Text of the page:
Past Tense or Present Tense and is it all Right to Mix Them?

I was taught you had to write either past tense or present tense and you couldn’t mix them. Once you picked your tense, you have to stick with it until the end. Recently, I’ve read some work by unpublished writers that switched between past tense and present tense. I found it disturbing and it took my focus off the story. The writer used present tense to increase tension during action scenes making it sound like the action was happening now. The same writer read some of my work and suggested I do the same thing. My question is this, isn’t that breaking grammar rules or am I behind the times? I know Charles Dickens wrote some books that have both past tense and present tense but did he mix them together in the same chapter? I’ve never read any of the books he used this technique in so I don’t know how  it was used. All books I’ve read are either all past tense or all present tense and the few I have read in present tense bothered me. I didn’t like that they were written in present tense and I stopped reading.

I researched this issue online and I agree with the crowd that says you should write fiction in the past tense. Writing your story in present tense isn’t fooling anyone. It’s not happening now. It doesn’t heighten the tension or suspense. I think it’s a cheap trick to be different and used by writers who haven’t yet learned how to write suspense well yet. I know from personal experience it’s also distracting. I’m not living in your fictional world, I’m concentrating on how annoyed I am at the present tense.

Maybe I’m old fashion but I find past tense to be invisible in fiction. Even though I’m on the past tense band wagon, I wanted to make sure my suggestions to other writers are grammatically correct, that you can’t mix them. If there is an English teacher or an English major out there please let me know what the correct answer is so I am not giving bad advise to new writers.

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14 thoughts on “Past Tense or Present Tense and is it all Right to Mix Them?

  1. I wouldn’t say I’m an expert, but my degree is in English, and I know that I had multiple professors mark up papers I’d written when I tense shifted (switched between past and present tense). As a basic rule, you shouldn’t do it. As writers, we know “rules” are more like “guidelines”, and not written in stone, but unless you can pull it off seamlessly, and not rip your reader out of the story, don’t do it. If you’re pulled out of the story, then I’d suggest telling the writer to change it.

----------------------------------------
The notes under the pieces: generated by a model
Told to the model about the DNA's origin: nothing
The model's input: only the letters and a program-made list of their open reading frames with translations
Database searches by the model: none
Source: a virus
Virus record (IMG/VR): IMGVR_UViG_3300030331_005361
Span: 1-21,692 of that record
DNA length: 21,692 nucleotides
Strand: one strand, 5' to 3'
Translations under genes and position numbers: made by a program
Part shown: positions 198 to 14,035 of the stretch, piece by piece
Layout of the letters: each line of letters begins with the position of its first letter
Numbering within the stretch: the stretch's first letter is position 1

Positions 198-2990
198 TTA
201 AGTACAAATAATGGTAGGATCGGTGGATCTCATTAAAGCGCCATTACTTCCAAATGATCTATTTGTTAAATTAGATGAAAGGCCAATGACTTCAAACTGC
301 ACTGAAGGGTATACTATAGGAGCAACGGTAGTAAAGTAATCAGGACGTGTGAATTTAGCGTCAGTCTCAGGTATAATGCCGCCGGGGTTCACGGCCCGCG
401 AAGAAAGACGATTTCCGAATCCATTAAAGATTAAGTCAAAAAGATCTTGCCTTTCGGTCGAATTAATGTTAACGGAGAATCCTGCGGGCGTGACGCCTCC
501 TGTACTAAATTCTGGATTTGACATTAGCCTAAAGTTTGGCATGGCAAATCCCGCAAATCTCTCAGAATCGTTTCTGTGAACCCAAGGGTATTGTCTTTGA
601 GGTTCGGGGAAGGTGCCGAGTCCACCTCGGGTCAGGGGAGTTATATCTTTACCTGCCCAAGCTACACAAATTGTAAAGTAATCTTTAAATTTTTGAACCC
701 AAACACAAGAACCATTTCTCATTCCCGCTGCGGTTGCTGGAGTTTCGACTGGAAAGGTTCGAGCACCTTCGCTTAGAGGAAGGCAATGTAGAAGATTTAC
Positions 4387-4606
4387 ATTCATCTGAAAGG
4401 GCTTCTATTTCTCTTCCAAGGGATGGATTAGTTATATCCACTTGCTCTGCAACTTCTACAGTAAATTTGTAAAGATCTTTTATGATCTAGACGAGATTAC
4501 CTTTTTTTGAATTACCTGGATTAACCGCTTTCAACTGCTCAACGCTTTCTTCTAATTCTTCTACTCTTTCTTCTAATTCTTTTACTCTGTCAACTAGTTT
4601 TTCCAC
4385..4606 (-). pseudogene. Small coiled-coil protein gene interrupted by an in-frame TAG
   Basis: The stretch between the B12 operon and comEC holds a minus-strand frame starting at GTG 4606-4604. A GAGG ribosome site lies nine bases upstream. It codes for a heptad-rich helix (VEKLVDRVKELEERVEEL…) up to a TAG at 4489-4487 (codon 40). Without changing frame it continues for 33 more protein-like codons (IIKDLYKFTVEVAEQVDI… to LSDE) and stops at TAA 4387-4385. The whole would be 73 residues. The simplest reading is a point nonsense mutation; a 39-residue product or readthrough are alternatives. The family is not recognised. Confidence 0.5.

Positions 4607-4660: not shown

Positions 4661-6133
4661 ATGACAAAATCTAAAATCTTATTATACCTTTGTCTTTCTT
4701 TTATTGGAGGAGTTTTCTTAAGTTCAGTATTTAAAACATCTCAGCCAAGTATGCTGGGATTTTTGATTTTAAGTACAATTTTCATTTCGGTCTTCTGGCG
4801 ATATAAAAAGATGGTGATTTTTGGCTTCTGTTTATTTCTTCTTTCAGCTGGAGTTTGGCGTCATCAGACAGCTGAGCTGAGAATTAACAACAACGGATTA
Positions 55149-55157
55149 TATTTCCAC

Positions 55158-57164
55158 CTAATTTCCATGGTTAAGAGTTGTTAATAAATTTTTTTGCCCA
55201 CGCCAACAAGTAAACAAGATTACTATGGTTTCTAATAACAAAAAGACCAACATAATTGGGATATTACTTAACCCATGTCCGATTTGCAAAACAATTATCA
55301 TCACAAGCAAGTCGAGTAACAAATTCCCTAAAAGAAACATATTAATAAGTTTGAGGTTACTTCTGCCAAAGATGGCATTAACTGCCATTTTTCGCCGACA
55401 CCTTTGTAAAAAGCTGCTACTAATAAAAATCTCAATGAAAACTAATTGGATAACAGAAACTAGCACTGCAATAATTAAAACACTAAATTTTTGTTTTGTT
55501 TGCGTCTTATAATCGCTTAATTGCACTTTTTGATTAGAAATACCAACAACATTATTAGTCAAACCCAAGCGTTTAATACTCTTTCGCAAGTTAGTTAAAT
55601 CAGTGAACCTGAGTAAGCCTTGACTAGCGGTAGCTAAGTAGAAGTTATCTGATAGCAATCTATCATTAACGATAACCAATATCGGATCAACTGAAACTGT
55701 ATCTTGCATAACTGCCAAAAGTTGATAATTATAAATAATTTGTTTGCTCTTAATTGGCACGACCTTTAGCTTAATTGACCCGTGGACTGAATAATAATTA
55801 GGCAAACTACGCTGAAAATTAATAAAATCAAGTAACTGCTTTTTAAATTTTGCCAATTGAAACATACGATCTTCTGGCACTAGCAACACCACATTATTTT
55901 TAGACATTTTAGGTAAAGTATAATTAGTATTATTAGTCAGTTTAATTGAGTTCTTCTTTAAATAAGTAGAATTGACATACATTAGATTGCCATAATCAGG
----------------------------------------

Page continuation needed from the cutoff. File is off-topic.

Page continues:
2. I’m thinking the best advise is not to mix them. I’ve never read anything published that uses past and present tense mixed in the same chapter or even in the same book. I have heard that The Time Travelers Wife uses both so I might pick that book up just to see how it’s handled.

  3. I stumbled onto your post because of the previous commentor’s post, which was tweeted by a writer I follow.

    Tense is something I struggle with when writing fiction. I think you are far more likely to see “mixing” of tenses in first person narration, but it takes a talented writer to pull it off effectively. It should serve a purpose, in my opinion (like I imagine it would with the Time Traveler’s Wife, though I haven’t read that).

    I used to think I didn’t like present tense (and young adult fiction) but I recently read The Hunger Games series by Suzanne Collins, and once I got used to the present, I found it an effective way to bring a sense of urgency to the action.

  4. I just read The Hunger Games myself and it was the first book I liked written in present tense. I plan to read the rest of the series. The present tense didn’t stick out like a sore thumb like other books I’ve come across in present tense. It does seem to me that more authors are choosing to write in present tense, but I still haven’t seen mixing of tenses except where it was gramatically correct like present tense talking about something in the past etc.

  5. Pingback: Thank you Juliette Wade for the wonderful compliment! « So Much To Write, So Little Time

  6. I am having that problem with my novel. I am writing mainly in past tense, first person. But I have heard that when something is a fact and is a constant then I should write it in present tense. For example, if I talk about the characterisitics of a vampire, which will be true to the end of time in my book, shouldn’t I write it in present tense since writing it in past tense seems like it was only true back then? I am working on this one paragraph right now and I have this sentence: “Werewolves are notorious for their resentment in being helped.” In my book this will always be true. It’s a werewolf trait. So if I wrote it like this: “Werewolves were notorious for their resentment in being helped.” Doesn’t it sound like it use to be true but isn’t anymore? I am so confused. What do you guys think?

  7. I think you are right, present information should be in the present tense.

    I’ve been told that first person narrative is the hardest to write but I think it is also the hardest to read because a storyteller may switch tenses or throw in present tense commentary to a past tense story.

    ie. My brother was a terrible liar. And he still is.

    It makes sense when you reason it out but not necessarily when you read it. I find those stories are best read aloud or as though there is a bard in my head telling me the tale.

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